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Stories that don’t leave you alone

"You're not seriously going to write about..."Last week, I wrote about how to start a story. The next question is how to pick a story to write. Just as every story starts a different way, every story comes from a different source. For me, one project was inspired by a Herman Melville work. Another came from trying to process world events.

In the case of the novel I’m just starting, it comes from a story that won’t leave me alone.

My post about Mary Ann Henderson and the students who claim to have seen her ghost stirred a lot of emotions. I received a large number of responses from the people who knew her and still mourn for her. I also received — and continue to receive — a lot of queries from people who were born long after she was murdered. They want to know about her story and if her ghost haunts the halls of Reseda High School.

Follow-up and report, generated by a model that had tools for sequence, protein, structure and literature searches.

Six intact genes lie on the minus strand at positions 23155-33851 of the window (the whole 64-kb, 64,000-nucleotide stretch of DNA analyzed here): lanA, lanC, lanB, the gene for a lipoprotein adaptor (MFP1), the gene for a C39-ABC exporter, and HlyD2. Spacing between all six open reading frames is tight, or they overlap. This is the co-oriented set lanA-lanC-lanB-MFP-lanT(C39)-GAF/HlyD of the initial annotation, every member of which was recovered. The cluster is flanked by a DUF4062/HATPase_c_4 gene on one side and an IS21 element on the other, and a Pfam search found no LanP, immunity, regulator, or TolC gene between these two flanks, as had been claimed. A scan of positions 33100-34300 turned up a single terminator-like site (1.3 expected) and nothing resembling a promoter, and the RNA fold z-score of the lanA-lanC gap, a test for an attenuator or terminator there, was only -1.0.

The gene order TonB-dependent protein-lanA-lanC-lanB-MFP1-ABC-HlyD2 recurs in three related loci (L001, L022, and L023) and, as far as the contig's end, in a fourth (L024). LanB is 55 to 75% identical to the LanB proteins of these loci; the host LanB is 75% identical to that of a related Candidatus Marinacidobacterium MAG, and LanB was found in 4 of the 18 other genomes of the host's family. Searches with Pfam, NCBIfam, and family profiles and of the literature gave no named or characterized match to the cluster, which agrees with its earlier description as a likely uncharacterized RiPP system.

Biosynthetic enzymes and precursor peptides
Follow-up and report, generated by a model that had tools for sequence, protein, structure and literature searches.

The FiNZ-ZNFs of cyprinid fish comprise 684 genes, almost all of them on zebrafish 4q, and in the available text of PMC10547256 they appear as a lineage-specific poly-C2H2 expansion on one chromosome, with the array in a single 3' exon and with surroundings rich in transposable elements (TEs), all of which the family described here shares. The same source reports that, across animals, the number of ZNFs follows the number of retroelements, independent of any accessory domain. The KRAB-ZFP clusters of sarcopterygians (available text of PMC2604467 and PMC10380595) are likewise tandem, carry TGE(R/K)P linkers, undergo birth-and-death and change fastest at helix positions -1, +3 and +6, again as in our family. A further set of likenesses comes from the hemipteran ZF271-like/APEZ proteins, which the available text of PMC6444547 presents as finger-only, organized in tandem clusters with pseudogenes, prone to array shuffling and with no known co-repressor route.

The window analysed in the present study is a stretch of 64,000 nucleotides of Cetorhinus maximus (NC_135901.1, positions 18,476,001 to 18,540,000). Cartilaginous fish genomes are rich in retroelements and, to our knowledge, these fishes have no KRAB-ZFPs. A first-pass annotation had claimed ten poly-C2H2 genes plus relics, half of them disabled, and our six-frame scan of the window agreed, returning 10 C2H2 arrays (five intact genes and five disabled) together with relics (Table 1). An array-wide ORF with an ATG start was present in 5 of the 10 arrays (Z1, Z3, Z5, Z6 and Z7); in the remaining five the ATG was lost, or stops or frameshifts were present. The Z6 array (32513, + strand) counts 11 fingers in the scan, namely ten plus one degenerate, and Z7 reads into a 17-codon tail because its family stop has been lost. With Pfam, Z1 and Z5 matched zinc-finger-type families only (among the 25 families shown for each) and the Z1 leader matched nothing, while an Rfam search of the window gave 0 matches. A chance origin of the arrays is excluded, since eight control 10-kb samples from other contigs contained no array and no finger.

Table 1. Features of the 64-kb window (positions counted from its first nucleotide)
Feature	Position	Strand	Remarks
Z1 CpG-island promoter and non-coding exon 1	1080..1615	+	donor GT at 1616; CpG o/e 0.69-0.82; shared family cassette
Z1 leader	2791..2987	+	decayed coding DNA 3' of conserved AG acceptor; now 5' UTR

In a Sandy Hook world where the news reports about some child’s murder every day, why Mary Ann Henderson? Why now, after 37 years? And what does it say about us?

With those questions nagging me, I decided that I had to write about it.

I’m not going to write about Mary Ann or the murder itself. Instead, I’m writing about the impact such a loss has on people, even on those who never knew her. I’m writing the story from the point-of-view of a student attending Reseda High School today. How would a young person jaded by today’s world feel about a long-ago tragedy?  How does this loss affect the people who lived through it and continue to remember it? Can a tragedy like this bridge a gulf between generations?

With these things in mind, I started writing The Ghosts of Reseda High. This novel is about the ghosts that haunt all of us.

I plan to have a draft finished this year, but novels are done when they’re done. I’ll keep you posted on my progress. In the meantime, you can look at a draft query letter and synopsis I wrote on writing.com. Thank you for your interest and support.

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